When the Padres first draft players they are assigned to "short season" leagues, which usually begin…
Officials, Players Throw Steroids a Curve
In light of investigations and player confessions, the two organizations finally addressed a solution to the steroid problem that has shadowed America's pastime. They have agreed to what Commissioner Bud Selig referred to as "a new, much tougher drug-testing program that is designed to rid our game of performance-enhancing drugs."
The agreement is the first step in implementing new regulations to curtail steroid use and focuses mainly on testing issues. During a press conference, Robert Manfred, MLB's Executive Vice President of Labor Relations and Human Resources, described both the current testing policy and its modifications. "[Major League Baseball officials] will continue to have a random-testing program. [With the new program], players will be subject to tests in addition to the one mandatory test, and there will be no maximum number of tests per year. This will also take place during the off-season and apply to all players, regardless of where they live," explained Manfred.
The agreement will also revise the list of banned substances. As Manfred acknowledged, the ban will not only cover steroids, but many other performance-enhancing drugs. "We have expanded the list of substances that are banned under our agreement with the Players Association, including all substances regulated by the Federal government as steroids. We have added the substances referred to as pro hormones or precursors, including human growth hormone, ephedra, and designer steroids, diuretics, and masking agents," he clarified.
In addition to changing testing procedures and the banned substance list, the agreement between MLB and MLBPA officials outlined punishments based on how many times a player tests positive. Manfred noted the punishments for up to four offenses. "Disciplinary ramifications for positive tests will change. For the first time, we will discipline first-time offenders with a ten-day suspension. For the second offense, a 30-day suspension will be imposed. For the third offense, there will be a 60-day suspension, and for the fourth offense, a one-year suspension. All of the suspensions under the program are without pay," Manfred emphasized.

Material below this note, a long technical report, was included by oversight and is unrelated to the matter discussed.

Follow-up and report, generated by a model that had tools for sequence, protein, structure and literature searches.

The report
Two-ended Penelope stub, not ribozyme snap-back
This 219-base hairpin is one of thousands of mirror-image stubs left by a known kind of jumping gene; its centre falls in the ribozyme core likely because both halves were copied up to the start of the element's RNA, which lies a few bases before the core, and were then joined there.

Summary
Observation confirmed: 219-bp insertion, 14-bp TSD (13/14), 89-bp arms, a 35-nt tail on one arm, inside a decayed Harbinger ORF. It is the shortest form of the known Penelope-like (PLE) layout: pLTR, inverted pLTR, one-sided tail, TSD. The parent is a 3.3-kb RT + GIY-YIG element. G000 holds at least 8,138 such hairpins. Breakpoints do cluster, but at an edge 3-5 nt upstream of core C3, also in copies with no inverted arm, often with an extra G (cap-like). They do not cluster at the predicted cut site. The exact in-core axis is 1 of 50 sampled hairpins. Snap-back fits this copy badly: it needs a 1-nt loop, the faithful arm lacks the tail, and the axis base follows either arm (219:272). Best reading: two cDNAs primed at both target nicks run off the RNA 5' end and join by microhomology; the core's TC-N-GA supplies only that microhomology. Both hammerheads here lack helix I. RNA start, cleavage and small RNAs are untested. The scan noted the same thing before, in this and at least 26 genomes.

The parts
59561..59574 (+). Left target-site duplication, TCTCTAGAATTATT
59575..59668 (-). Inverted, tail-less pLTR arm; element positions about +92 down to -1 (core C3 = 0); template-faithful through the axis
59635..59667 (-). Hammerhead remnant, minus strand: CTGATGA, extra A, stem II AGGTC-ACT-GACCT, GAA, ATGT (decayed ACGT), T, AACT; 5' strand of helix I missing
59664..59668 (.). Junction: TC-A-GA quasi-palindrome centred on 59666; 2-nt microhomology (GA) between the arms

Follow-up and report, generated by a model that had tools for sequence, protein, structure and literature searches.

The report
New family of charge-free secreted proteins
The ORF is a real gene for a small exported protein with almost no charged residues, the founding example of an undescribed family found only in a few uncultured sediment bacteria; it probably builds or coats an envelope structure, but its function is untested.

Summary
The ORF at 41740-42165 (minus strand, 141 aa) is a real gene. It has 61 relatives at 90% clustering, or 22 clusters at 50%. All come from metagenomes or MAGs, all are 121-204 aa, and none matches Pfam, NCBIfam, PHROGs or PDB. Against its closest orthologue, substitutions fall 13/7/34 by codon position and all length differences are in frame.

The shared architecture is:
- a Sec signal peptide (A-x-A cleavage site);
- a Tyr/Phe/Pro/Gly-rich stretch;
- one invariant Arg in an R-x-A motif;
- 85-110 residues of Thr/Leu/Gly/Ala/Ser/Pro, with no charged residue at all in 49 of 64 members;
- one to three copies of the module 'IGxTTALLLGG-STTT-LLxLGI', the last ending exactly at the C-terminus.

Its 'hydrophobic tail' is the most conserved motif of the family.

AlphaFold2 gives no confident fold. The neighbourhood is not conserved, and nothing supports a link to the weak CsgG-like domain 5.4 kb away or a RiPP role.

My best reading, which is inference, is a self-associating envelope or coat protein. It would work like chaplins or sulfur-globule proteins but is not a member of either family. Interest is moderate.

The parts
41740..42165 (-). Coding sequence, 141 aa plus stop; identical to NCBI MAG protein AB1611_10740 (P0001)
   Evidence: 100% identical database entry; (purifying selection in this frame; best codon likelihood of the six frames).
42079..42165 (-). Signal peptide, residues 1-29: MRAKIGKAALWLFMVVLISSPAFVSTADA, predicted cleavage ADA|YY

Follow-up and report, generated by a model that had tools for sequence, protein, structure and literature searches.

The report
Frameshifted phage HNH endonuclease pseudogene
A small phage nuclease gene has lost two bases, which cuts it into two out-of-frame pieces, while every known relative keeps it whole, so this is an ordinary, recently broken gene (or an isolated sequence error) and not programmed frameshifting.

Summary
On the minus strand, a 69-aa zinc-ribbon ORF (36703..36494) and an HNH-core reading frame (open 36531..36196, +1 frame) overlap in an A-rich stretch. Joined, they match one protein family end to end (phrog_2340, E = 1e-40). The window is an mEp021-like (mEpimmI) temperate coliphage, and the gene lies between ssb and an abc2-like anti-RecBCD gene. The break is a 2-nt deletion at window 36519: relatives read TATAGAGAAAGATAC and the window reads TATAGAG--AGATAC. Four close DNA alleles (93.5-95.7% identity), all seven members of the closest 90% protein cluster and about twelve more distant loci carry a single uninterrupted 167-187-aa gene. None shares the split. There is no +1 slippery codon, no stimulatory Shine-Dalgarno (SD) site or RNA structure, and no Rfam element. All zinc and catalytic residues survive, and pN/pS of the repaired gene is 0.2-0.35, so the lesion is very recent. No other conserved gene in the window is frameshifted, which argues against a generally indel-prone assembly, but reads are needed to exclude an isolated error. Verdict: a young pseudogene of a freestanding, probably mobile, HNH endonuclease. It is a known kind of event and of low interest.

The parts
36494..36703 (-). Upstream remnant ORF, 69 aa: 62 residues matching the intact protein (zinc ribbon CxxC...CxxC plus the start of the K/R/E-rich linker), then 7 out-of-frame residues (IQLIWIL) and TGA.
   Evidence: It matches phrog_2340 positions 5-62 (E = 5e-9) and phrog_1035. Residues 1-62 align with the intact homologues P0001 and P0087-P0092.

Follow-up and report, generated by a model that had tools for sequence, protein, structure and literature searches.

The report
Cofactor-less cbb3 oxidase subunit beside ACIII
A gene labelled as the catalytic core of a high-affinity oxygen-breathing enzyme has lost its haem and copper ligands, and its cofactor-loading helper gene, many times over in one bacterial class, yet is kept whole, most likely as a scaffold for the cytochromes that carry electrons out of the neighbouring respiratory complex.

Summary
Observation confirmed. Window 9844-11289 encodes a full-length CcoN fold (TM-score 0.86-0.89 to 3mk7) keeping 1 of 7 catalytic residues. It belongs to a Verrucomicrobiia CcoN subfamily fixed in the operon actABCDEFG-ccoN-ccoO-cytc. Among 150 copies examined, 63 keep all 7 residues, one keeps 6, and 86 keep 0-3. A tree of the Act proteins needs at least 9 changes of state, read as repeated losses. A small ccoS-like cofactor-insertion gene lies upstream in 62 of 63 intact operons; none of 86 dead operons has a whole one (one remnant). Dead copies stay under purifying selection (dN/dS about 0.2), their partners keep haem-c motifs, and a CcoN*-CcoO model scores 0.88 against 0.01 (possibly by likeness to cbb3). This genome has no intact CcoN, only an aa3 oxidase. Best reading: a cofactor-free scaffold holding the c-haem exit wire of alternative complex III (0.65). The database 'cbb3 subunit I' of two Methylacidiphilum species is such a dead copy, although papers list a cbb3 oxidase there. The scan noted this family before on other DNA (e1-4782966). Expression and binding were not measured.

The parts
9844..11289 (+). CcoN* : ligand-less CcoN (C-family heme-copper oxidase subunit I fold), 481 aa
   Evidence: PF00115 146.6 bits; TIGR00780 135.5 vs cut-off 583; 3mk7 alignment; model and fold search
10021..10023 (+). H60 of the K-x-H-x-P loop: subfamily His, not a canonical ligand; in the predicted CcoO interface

Officials from both organizations appear confident that they have found a happy medium, as highlighted by Donald Fehr, Executive Director and General Counsel of the MLBPA. Fehr spoke over the phone during the press conference and confirmed his beliefs in the agreement. "Our goal here was to try to come up with something that we believed would take care of the issue. The object is to stop it, not to penalize for the sake of penalizing. I will be very surprised if over time this doesn't take care of the problem virtually completely," he commented.
The agreement comes during an ongoing Federal investigation, in which leaked reports have New York Yankee first baseman Jason Giambi admitting to intentional steroid use, San Francisco Giants left fielder Barry Bonds admitting to unintentional use. In the past, cracking down on steroids generally failed due to the reluctance of the MLBPA to accept changes. If adopted, the new policies will be effective through the 2008 season.
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